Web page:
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India's "lost tribe": Human zoo or reserve?

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posted on Apr, 27 2012 @ 08:27 PM
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The aboriginal inhabitants of the Andaman Islands are famous in anthropology for their African looks, and hunter-gatherer lifestyles.
Apparently they are descendants of one of the first migrations into Asia from Africa, and represent a "pure form" of the Negrito peoples spread as tribal minorities across southern Asia and Oceania.

While the colonization of the islands began under the British in the 19th century, some Andamese groups remained isolated, and even uncontacted.
en.wikipedia.org...

The Jarawa people of the South Andaman Island first initiated significant contact in 1997.
Since then they were given a reserve.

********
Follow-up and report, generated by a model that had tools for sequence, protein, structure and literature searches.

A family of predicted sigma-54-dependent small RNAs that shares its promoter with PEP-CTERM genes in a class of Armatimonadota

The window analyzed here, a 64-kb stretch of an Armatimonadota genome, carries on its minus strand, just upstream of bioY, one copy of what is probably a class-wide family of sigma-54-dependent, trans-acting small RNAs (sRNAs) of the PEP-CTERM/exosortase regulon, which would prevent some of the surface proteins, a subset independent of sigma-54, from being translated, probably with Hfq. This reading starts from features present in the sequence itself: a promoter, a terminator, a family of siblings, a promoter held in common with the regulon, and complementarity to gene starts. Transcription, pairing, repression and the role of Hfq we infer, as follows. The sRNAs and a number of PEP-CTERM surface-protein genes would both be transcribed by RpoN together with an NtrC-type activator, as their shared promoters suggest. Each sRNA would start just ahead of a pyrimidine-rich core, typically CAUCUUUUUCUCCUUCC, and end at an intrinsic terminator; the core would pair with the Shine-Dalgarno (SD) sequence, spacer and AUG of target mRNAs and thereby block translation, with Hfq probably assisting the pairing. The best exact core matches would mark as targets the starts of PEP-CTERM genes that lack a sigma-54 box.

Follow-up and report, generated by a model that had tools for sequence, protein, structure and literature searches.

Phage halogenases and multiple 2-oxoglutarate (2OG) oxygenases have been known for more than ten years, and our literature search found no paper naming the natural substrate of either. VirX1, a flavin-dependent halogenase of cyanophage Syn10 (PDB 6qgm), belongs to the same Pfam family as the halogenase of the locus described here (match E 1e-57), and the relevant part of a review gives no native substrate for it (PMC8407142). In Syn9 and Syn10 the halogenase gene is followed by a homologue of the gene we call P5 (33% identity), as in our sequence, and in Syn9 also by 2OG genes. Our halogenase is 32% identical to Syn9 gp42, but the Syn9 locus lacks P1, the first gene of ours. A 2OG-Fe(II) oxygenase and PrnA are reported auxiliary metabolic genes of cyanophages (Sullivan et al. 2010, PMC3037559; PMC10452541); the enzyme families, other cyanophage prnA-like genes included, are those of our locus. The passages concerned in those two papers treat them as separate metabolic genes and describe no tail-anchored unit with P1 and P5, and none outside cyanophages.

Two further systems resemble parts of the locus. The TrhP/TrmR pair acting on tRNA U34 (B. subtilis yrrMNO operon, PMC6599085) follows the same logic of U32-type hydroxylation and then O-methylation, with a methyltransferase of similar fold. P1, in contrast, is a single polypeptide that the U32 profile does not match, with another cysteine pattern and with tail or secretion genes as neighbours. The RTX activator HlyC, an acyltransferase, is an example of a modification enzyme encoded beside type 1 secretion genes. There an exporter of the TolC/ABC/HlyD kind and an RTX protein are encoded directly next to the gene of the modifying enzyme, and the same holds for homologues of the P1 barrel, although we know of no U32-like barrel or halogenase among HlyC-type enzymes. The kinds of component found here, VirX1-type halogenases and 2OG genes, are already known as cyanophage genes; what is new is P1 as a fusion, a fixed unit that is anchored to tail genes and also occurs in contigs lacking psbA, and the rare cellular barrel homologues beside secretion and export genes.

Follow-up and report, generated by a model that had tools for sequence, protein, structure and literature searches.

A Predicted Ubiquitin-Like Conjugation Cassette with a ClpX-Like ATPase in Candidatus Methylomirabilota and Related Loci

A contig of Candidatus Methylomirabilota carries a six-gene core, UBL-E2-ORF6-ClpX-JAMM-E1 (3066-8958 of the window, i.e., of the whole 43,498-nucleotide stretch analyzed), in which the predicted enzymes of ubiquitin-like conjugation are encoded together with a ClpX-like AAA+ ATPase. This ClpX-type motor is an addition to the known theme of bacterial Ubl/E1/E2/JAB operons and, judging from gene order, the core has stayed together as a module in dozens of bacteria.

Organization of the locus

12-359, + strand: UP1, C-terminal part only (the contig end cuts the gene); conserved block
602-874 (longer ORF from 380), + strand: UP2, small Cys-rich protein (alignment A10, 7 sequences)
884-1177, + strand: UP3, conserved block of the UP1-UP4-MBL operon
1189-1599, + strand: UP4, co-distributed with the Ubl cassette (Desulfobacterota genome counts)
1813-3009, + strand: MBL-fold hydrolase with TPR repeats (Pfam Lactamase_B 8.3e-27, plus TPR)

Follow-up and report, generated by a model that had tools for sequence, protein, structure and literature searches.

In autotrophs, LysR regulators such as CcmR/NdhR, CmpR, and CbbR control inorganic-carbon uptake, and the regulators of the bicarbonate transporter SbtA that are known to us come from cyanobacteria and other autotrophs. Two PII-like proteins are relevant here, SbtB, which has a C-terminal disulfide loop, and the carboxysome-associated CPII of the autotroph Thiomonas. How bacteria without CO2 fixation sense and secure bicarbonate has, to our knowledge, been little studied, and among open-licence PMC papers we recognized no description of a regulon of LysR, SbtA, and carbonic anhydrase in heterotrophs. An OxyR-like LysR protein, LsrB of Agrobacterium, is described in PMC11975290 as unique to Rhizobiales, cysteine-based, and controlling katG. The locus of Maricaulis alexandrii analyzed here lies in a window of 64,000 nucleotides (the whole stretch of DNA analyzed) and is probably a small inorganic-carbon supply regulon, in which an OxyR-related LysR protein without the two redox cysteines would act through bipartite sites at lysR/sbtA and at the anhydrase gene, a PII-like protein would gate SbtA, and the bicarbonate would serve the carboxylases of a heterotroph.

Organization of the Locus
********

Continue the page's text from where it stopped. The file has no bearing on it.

However a road cuts across the western part of the reserve, which attracts tourists and sight-seers.

My thread is really about the policy towards the 400 Jarawa (in a settler population of about 200 000).

It appears that the Jarawa are made to live in a human zoo.
When they wander outside their reserve they are taken back by the police.
They are supposed to remain "traditional" and "pure".

Defenders of this isolationist policy say that the Jarawa are endangered, and one outbreak of HIV or another disease could kill the tribe.

However, an Indian village leader on the edge of the reserve says the Jarawa walk far distances to reach villages and beg for food, because poachers and illegal loggers are already on their land.

When the police find them outside the reserve they are rounded up and driven into the jungle.

Apparently the Jarawa also want a village, and the village leader says that if they were settled they could increase their numbers into the thousands.